Article Text

Download PDFPDF
Congenital diaphragmatic hernia and interstitial deletion of chromosome 3
  1. P Brennana,
  2. G D Croakerb,
  3. M Heathc
  1. aClinical Genetics Service, City Hospital, Nottingham NG5 1PB, UK, bDepartment of Paediatric Surgery, Queen's Medical Centre, Nottingham NG7 2UH, UK, cCytogenetics Services, City Hospital, Nottingham NG5 1PB, UK
  1. Dr Brennan,paul_brennan6{at}

Statistics from

Request Permissions

If you wish to reuse any or all of this article please use the link below which will take you to the Copyright Clearance Center’s RightsLink service. You will be able to get a quick price and instant permission to reuse the content in many different ways.

Editor—Congenital diaphragmatic hernia (CDH) is seen in 1/2000 to 1/5000 fetuses and liveborn infants.1 2Around 60% of fetuses diagnosed by antenatal ultrasound scanning at 20 weeks' gestation die in utero and the mortality rate in those surviving to term remains 30-50%. Coexistent major structural malformations are seen in a large proportion of cases, the commonest in liveborn infants being cardiac anomalies and neural tube defects.3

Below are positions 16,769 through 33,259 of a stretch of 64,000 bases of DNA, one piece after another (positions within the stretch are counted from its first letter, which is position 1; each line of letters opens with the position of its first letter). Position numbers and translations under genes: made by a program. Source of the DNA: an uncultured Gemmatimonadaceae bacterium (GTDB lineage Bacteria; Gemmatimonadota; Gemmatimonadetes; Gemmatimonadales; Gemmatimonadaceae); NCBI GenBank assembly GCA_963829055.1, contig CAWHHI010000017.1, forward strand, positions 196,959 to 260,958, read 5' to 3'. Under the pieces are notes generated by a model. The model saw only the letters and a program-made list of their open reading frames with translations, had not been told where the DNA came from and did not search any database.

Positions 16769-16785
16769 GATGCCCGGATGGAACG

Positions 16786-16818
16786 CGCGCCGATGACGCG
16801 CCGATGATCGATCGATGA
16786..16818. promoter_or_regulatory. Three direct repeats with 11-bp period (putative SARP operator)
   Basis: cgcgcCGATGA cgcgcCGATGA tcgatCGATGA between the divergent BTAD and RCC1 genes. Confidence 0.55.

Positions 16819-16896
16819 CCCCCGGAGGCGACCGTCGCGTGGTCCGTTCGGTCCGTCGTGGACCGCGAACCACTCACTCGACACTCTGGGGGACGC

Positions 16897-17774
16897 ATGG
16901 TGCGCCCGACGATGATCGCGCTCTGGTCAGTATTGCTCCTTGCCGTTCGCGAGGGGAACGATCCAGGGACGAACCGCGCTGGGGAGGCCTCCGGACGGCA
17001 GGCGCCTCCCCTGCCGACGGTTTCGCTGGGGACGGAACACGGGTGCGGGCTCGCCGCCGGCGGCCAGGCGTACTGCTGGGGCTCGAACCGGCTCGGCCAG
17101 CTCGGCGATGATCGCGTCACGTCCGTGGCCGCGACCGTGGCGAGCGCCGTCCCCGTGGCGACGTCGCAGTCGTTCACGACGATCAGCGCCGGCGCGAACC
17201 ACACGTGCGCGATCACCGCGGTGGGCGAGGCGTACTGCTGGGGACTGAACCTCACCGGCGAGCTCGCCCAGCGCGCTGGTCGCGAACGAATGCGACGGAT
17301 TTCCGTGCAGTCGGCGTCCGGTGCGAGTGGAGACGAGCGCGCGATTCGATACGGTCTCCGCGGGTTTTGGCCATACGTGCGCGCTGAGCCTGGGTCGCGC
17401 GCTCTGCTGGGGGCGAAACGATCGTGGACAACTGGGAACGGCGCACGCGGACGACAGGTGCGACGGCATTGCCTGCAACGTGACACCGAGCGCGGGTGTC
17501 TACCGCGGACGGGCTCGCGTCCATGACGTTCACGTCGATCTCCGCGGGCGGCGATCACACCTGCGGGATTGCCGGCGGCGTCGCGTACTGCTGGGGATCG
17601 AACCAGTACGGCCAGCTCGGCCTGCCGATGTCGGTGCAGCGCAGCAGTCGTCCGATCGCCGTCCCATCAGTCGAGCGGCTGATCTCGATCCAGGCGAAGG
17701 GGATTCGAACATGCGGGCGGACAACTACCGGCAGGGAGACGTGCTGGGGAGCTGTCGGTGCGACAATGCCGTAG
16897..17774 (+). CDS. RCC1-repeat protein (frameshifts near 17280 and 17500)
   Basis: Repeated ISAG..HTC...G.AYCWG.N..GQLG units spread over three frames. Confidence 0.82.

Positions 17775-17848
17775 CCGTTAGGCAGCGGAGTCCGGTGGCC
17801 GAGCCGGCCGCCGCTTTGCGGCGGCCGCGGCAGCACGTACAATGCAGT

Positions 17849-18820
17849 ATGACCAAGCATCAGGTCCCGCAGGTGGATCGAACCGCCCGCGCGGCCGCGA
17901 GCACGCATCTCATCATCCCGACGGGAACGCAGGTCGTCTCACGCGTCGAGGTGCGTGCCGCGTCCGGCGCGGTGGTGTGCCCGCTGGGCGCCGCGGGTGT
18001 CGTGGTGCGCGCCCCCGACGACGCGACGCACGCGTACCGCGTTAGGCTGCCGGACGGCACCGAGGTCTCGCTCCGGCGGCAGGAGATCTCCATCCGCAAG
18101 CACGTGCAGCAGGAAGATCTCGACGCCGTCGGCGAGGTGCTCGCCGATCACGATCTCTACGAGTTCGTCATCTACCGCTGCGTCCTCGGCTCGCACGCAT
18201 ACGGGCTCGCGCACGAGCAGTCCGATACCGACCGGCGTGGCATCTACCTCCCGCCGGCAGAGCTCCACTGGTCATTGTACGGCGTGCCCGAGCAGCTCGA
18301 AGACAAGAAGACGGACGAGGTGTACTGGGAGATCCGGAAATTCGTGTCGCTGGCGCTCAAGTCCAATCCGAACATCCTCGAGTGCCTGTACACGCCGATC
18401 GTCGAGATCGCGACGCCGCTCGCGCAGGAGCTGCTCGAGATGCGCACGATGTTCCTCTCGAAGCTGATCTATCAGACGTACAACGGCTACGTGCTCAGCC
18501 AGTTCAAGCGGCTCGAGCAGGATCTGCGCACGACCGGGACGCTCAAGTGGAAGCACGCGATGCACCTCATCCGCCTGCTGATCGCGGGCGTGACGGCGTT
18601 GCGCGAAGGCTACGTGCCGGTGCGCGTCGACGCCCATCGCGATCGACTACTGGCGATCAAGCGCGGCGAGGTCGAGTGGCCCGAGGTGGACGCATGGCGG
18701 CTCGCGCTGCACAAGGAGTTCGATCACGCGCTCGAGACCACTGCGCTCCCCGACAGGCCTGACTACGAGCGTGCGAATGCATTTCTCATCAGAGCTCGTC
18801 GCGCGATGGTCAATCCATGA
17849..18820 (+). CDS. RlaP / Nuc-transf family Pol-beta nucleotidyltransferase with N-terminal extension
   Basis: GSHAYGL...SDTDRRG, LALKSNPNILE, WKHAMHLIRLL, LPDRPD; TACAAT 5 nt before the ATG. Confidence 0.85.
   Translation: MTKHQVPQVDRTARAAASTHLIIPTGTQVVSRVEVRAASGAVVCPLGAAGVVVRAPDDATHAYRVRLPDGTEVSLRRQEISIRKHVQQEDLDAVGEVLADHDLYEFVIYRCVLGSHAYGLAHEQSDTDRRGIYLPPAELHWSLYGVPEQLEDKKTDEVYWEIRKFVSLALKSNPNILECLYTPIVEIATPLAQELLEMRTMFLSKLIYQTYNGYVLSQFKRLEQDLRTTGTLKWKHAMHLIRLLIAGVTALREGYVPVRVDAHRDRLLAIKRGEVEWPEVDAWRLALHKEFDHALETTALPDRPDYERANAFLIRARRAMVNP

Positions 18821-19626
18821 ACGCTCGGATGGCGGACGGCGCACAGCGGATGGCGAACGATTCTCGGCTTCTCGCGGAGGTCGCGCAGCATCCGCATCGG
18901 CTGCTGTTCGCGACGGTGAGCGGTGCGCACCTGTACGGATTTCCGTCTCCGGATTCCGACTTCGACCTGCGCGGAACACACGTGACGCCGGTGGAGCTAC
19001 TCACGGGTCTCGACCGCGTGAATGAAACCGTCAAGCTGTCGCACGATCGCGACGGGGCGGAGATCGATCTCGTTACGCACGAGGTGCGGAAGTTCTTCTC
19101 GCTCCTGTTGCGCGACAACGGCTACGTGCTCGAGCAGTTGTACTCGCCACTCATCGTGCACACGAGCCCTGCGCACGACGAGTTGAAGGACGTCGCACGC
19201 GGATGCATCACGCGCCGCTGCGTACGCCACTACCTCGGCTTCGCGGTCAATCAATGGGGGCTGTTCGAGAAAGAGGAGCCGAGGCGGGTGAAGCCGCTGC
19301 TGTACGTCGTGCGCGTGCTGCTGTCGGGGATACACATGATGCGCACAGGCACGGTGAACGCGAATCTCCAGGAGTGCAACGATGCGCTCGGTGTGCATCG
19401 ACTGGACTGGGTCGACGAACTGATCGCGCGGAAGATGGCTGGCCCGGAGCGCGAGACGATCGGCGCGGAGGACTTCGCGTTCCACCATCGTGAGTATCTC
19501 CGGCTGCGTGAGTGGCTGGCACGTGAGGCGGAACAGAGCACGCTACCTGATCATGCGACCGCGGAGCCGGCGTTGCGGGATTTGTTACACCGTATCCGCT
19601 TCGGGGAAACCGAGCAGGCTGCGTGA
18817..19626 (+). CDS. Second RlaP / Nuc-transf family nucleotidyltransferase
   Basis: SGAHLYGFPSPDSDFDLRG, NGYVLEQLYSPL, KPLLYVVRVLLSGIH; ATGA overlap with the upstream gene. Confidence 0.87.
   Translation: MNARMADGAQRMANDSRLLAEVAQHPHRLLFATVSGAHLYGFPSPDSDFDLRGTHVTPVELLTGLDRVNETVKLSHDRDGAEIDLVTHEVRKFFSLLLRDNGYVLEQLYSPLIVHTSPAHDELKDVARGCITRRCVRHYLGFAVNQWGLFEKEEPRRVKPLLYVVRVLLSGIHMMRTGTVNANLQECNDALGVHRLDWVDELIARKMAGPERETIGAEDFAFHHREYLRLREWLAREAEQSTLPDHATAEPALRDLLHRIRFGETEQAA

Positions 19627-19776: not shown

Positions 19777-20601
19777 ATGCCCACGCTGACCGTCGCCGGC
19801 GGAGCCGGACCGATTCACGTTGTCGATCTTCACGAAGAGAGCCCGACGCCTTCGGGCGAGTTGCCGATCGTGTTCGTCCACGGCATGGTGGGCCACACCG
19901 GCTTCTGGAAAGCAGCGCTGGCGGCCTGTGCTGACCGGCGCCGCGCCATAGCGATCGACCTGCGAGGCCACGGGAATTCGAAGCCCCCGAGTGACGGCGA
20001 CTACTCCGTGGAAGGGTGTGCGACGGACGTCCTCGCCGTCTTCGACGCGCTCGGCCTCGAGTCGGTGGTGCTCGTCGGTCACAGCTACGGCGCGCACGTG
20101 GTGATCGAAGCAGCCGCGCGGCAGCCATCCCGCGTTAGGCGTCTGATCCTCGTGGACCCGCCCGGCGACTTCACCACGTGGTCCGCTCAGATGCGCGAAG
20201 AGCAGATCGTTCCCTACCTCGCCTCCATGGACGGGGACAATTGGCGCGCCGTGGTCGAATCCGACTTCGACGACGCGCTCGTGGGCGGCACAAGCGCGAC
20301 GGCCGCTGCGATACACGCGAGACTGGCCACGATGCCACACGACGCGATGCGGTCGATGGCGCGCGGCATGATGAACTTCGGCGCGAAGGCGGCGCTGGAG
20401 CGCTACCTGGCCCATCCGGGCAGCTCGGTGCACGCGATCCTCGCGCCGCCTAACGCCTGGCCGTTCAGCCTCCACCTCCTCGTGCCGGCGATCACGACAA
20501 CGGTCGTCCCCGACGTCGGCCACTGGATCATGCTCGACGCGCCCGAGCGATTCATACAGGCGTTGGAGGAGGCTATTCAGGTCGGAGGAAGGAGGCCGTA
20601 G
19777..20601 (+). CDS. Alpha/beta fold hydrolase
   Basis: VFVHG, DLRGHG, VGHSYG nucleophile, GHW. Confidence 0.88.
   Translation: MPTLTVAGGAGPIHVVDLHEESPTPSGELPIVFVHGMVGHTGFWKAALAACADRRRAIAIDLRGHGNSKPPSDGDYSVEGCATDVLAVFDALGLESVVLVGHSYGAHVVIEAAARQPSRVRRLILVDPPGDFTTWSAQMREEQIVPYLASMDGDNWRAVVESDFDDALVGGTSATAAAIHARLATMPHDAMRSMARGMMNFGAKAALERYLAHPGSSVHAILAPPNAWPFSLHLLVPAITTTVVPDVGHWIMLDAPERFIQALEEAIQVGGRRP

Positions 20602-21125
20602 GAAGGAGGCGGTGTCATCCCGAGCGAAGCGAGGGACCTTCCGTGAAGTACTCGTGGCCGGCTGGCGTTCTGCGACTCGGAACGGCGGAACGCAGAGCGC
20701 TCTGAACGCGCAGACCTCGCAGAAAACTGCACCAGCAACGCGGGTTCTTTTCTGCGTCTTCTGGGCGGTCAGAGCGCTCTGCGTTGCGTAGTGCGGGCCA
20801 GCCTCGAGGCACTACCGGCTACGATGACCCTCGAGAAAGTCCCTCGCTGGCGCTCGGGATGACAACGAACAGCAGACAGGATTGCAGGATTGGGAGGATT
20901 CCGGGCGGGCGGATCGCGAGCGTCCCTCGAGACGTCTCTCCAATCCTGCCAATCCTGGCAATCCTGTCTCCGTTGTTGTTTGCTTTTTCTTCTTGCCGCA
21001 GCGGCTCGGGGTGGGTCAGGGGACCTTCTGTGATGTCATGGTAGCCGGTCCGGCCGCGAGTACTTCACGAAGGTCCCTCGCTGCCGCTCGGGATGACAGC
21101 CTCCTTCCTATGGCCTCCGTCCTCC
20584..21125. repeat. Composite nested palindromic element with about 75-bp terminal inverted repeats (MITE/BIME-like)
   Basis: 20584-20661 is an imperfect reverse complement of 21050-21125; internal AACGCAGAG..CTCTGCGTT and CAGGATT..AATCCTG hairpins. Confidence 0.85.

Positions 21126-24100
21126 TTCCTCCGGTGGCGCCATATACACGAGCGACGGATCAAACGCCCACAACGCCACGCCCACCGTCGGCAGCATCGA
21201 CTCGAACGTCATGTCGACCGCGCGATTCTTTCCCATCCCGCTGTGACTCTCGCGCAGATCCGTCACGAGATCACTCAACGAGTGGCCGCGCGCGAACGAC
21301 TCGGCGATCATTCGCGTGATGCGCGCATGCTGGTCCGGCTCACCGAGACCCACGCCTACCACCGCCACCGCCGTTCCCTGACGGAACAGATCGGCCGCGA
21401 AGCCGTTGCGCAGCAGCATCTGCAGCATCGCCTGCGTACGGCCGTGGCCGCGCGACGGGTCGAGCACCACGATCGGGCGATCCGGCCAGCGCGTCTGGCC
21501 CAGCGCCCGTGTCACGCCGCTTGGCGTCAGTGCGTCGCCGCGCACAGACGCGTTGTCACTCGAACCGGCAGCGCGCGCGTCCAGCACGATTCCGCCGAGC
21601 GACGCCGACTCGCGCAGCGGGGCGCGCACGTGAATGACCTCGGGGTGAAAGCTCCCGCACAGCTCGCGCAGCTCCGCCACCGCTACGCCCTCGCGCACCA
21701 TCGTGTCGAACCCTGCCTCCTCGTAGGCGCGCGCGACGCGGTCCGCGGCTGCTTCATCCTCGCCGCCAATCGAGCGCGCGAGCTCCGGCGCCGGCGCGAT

The genetic contribution to the aetiology of CDH is poorly understood. Although no large scale, population based, offspring recurrence study exists, familial clustering of CDH has been attributed to polygenic inheritance, which predicts an offspring recurrence risk of 1-2%. Familial congenital diaphragmatic hernia is, however, well described with autosomal dominant inheritance in most reported families, although no linkage studies have been performed. Candidate genes may therefore be localised by studying the large proportion of patients with CDH and an underlying chromosome abnormality. Autosomal trisomies, typically of chromosomes 13, 18, and 21, account for many of these cases. More complex structural rearrangements have also been reported in some series, although many of these cases have additional organ malformations.4-6 However, a number of de novo structural anomalies associated with CDH have been documented, defining candidate loci for future study; these are summarised in table1.

View this table:
Table 1

Candidate loci for congenital diaphragmatic hernia

Case report

We report a male infant with CDH associated with a proximal deletion of the long arm of chromosome 3 in mosaic form. Clinical genetic evaluation was sought during the third pregnancy of a 29 year old female and a 32 year old male. She had previously …

View Full Text